Hi everybody,

it’s already a couple of weeks I’m facing the issue, so that I decided to open a thread here on the forum.

The question is pretty easy: I’m trying to write a tool enabling the user to get fatigue post-processing out of BLADED output.

To do this, I make use of MATLAB and of the rainflow count function provided within the MathWorks newsreader. If I understood it right, MCrunch handles the same function.

I already had a look a the following post: http://forums.nrel.gov/t/treatment-of-residual-half-cycles-in-rainflow-count-fatigue/400/1.

There (i.e. in the above post), it seems to be clearly pointed out and recommended to count half cycles as they come out of the RFC.

Let’s come now to the “funny” thing: cross-checking BLADED binned rfc and MATLAB binned rfc, the difference resides ecactly on how Bladed processes the half-cycles; Bladed rounds down (floor) or up (ceil) the half cycles. But I am not able to figure out which criterion BLADED uses.

The bottom line is how to thoroughly treat half cycles in order to calculate realistic RFC: note that I stated “realistic”, which does not mean matching BLADED outputs.

Fatigue is quite a well-known topic, I don’t really see that need for discrepancies in the generation of a RFC.

I really look forward to having a feedback: any criticism or support are welcome.

Best regards,

Francesco perrone

Francesco,

Are you comparing your code to Bladed for a single time series, or are you analyzing a large number of simulations to predict lifetime with some sort of weighted distribution?

My MCrunch does not use the RFC algorithm from The MathWorks, but one I wrote myself based upon someone’s algorithm. Greg Hayman’s MLife however, uses the C program from The MathWorks as a MEX function and seems to be much faster than the MATLAB function I wrote. Our four tools have been checked against each other and against standards. I have not compared them to Bladed.

When you said: “Bladed rounds down (floor) or up (ceil) the half cycles,” did you mean that you do not know which of the two methods Bladed uses or that it can use one or the other method? Our tools allow you to choose a value between 0 and 1. Choosing 1.0 tells our codes to count half cycles as full cycles, and setting it to 0 throws them away. I usually set it to 0.5.

Have you tried tried comparing your code to one of ours? The nice thing about our codes is that they are open source–you can see what it is we are doing, so there are no mysteries.

I’ve been told that any cycles that happen after the largest cycle are left unclosed. Apparently, in the early days the recommended practice was to reorder the time series so that the largest cycle is closed at the very end. This ensures that all cycles are closed, which is conservative.

I don’t know if this helps at all. I’m really not an expert in fatigue, so maybe someone who is can provide more insight.

Marshall

Dear Marshall,

first of all I’d like to thank you for the ready reply.

At the moment, I’m comparing MATLAB results and BLADED results for only one run. Btw, I already came up with a procedure accounting for the Weibull/Rayleigh wind distribution.

I stumbled on this MATLAB/BLADED issue absolutely by case: the first 5 runs I processed in Matlab led exactly to the same results as Bladed. But then, I happened the mismatch.

When looking at binned amplitudes-cycles lists,Matlab rfc stores half cycles as they come; I believe Bladed counts half cycles too, but then there’s sort of further processing in order to round them to full-cycles, since in the Bladed list only full cycles can be spotted.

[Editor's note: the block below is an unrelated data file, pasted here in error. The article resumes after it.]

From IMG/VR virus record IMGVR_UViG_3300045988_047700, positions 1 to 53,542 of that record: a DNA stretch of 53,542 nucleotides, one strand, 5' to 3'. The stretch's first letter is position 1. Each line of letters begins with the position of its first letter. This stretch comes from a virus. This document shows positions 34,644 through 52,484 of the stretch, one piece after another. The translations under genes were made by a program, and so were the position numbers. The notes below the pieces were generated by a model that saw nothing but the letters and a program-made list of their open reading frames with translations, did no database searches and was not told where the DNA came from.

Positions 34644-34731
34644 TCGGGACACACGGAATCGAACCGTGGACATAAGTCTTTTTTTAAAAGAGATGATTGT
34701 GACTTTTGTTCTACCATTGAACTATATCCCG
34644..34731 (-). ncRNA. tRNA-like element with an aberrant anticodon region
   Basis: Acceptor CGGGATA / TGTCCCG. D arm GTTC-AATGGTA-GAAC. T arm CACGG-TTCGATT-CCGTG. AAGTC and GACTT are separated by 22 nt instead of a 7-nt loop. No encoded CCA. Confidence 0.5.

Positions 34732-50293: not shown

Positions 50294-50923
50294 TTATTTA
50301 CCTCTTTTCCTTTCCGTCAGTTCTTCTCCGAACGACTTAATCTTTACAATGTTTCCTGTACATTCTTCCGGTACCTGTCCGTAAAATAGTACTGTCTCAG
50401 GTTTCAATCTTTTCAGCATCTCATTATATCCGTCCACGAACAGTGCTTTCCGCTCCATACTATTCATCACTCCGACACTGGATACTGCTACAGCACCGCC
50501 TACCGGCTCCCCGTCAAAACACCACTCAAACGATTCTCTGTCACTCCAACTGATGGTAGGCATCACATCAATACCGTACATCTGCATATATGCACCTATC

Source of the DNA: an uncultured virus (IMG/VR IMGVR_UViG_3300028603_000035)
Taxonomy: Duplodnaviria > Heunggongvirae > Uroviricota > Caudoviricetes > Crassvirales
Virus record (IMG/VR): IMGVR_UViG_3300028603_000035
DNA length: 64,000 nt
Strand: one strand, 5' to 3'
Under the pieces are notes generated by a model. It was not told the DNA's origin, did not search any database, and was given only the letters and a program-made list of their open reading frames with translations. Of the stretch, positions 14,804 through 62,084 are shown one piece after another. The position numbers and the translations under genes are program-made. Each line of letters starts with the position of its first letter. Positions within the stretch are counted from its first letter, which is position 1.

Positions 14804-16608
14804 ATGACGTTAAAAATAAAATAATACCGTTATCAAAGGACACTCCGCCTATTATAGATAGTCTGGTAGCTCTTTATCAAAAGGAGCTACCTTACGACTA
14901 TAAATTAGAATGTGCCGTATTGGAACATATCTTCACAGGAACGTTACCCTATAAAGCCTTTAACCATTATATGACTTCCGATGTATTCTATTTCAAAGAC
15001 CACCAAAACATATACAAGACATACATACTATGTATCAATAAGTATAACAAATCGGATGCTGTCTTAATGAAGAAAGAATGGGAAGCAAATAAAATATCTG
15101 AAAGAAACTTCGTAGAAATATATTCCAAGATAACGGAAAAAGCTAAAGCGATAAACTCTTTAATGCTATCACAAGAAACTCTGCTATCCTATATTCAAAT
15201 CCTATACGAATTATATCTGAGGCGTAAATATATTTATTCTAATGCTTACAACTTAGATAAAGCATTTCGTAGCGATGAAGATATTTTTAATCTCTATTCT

What I am not able to grasp is how Bladed rounds the half cycles: some of them are rounded down (i.e. 340.5 → 340) and some others up (i.e. 340.5 → 341).

At the beginning, I thought that Bladed takes couples of half-cycles, rounding down those cycles corresponding to the smallest amplitude in the couple (respectively up those with the highest amplitude): the physical meaning would be that higher amplitudes with less cycles have a major impact than lower amplitudes and high number of cycles. But, unfortunately, this procedure did not compansate for the mismatch.

So I wonder if there is any bibliographic referement closely looking into the treatment of half-cycles.

I look forward to hearing from you again.

Best regards,

Francesco Perrone

Dear Francesco,

The reference I use is Sutherland’s paper that was mentioned in a previous thread: [url]http://forums.nrel.gov/t/treatment-of-residual-half-cycles-in-rainflow-count-fatigue/400/1]

I have checked the GL and IEC 61400-1 standards and found no mention of how to deal with half cycles. The ASTM E1049-85 “Standard Practices for Cycle Counting in Fatigue Analysis” talks about obtaining half cycles, but does not say what to do with them.

Have you talked to Bladed Support at GL-GH to find out what they are doing?

I count them as half cycles because it’s half way between being conservative and unconservative.

I really have no more advice to offer you, as I am not an expert in this area.

Marshall

Dear Marshall,

sorry for the late reaction.

I tried asking GH concerning this matter, but I don’t expect that much from them: they make money out of their business, thus I assume they are not that willing to disclose their own tools or ideas with externals.

Btw, I will not give up and hopefully I will come up with a decent compromise.

I really thank you for your kind answers and support.

Best regards,

Francesco Perrone

Dear Francesco,

Do you have any follow up on this matter? Any GH positions at all?

Thats actually pretty intriguing for me as well. Hope to hear good news about that MATLAB script!

Best Regards,

Vitor Ramalho.